Online Event
September 01-03, 2022 | Online Event
GPMB 2022

Isolation and identification of salt-tolerant plant growth-promoting rhizobacteria from technosoils affected by saline effluents from the lime repository

Sweta Binod Kumar, Speaker at Plant Conferences 2022
Nicolaus Copernicus University , Poland
Title : Isolation and identification of salt-tolerant plant growth-promoting rhizobacteria from technosoils affected by saline effluents from the lime repository


Technosoils are anthropogenically disturbed soils. Microorganisms retrieved from such habitats, due to their natural adaptations to harsh environmental conditions, can be useful and find applications in agriculture, bioremediation, industry, and medicine. Nitrogen fixing bacteria were isolated from the rhizosphere of Salicornia europaea (L.), Tripolium pannonicum subsp. tripolium (L.) Greuter, wheat (Triticum aestivum L.) and maize (Zea mays L.) grown in the technosoils in Janikowo, central Poland, affected by saline effluents from the soda lime repository. Nitrogen-free semisolid JNFb, JMV and Azotobacter medium were used for enrichment and isolation of diazotrophic bacteria. A total of 12 bacteria were selected which showed the presence of the nifH gene which were subsequently identified using the 16S rRNA. The isolates were tested for other growth promoting traits such as ammonia production, phosphate solubilisation, 1- aminocyclopropane-1-carboxylic acid (ACC) deaminase activity, and production of indole acetic acid (IAA), siderophore, HCN, EPS, and gibberellic acid. Salt (0% - 4%) and pH (6-9) tolerance were also tested which showed that they are tolerant to a range of pH and salt concentration. The selected strains were also checked for their resistance to fungal plant pathogens and antibiotics. Finally, a germination test was performed on wheat seeds with NaCl stress of 150 mM. Three strains Azotobacter chrococcum, Agrobacterium pusense, and Agrobacterium arsenijevicii significantly promoted the growth of seedlings’ roots and hypocotyls in the salt stress compared to seedlings without bacteria (P < 0.001). Sphingobium fuliginis significantly promoted seedling growth without any stress compared to control seedlings (P < 0.05). A detailed study was performed on diversified PGPR isolated from the technosoils.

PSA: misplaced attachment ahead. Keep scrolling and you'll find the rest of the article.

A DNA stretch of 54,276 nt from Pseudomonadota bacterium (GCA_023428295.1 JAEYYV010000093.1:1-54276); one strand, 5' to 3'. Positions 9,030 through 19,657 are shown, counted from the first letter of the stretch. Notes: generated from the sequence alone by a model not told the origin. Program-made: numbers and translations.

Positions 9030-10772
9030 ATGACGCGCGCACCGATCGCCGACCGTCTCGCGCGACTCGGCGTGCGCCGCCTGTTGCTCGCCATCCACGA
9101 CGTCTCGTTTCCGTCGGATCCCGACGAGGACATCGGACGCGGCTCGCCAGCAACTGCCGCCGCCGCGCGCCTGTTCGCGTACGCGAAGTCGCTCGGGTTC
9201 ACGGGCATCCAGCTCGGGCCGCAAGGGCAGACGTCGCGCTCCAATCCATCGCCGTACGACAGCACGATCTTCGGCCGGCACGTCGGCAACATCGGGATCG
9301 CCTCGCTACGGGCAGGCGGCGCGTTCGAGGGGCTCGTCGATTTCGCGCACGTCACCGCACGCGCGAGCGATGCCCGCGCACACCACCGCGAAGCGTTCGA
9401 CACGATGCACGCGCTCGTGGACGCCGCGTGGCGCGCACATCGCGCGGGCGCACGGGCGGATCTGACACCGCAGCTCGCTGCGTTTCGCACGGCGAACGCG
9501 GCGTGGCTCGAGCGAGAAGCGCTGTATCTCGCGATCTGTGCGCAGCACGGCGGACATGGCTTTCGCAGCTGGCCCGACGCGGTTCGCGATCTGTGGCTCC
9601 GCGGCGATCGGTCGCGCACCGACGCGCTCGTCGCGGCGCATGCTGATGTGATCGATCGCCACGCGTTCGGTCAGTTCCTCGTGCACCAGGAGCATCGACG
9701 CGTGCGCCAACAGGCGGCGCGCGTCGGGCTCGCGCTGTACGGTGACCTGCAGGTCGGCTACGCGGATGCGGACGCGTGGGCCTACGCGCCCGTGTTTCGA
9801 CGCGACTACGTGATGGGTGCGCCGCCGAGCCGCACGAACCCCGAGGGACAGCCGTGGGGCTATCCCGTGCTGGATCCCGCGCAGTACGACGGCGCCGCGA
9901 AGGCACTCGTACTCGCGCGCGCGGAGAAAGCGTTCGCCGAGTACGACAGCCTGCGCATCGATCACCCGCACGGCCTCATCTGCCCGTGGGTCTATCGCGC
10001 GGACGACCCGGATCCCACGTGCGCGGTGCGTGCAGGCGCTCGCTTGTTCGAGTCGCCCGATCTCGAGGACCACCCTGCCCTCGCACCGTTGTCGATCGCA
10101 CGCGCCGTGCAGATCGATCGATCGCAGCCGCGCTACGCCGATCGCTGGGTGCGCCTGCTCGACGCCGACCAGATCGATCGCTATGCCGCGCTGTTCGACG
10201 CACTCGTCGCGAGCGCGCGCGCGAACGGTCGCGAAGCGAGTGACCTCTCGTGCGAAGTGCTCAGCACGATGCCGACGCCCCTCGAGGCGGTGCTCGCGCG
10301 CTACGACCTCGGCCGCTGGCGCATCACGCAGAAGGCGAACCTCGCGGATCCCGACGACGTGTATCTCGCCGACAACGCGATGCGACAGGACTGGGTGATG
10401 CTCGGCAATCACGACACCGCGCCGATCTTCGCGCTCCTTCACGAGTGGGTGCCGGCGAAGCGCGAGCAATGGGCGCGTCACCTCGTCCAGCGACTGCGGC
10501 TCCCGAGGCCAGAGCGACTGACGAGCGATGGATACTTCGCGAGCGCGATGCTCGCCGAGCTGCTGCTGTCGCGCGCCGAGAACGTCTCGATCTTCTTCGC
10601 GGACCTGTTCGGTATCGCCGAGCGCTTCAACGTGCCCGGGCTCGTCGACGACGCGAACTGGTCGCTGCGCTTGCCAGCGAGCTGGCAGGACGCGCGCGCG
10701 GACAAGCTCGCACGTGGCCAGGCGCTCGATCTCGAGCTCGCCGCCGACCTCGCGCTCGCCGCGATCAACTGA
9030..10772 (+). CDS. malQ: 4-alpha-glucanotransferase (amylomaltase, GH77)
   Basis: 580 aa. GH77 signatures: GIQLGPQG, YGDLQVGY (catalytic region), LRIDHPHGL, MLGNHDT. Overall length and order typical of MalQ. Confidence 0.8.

The rhizosphere of the plants grown in technosoils is a valuable source of halotolerant diazotrophic bacteria with various plant growth-promoting potential and fertilization by the potential PGPR will be further tested at the field level for exploitation as bioinoculant. The present work is a part of project NitroFixSal (N fixing bacteria from extreme environments as a remedy for nitrogen deficiency in saline soils), Project code: 101038072, funded under H2020 | MSCA-IF-EF-ST.

Audience Take Away Notes:

  • Audience will learn about the PGPR from technosoils and how they can be useful for plants in the farmlands facing salinity stress.
  • The results from the present work will also help the researchers from the field to plan their research studies to exploit the PGPR potential for sustainable agriculture to minimize the overuse of mineral fertilizers.


Dr. Sweta Binod Kumar is a Biotechnology graduate from Visva-Bharati University in Santiniketan (India). She performed her doctoral thesis at Central Salt & Marine Chemicals Research Institute in Bhavnagar (2016- 2019). She specializes in studying the phenomenon of adherence of bacteria to polymeric membranes. Her innovation “Bacterial Detection kit for Water” owns a prestigious Biotech product, process development, and commercialization award by the Department of Biotechnology, Govt. of India on 11th May, 2018, Technology Day. She has a total of 7 publications and 3 patents (1 international). She is now working on the NitroFixSal project funded by the EU under Widening Fellowship (Horizon 2020) coordinated by Dr. Agnieszka KalwasiƄska, NCU prof.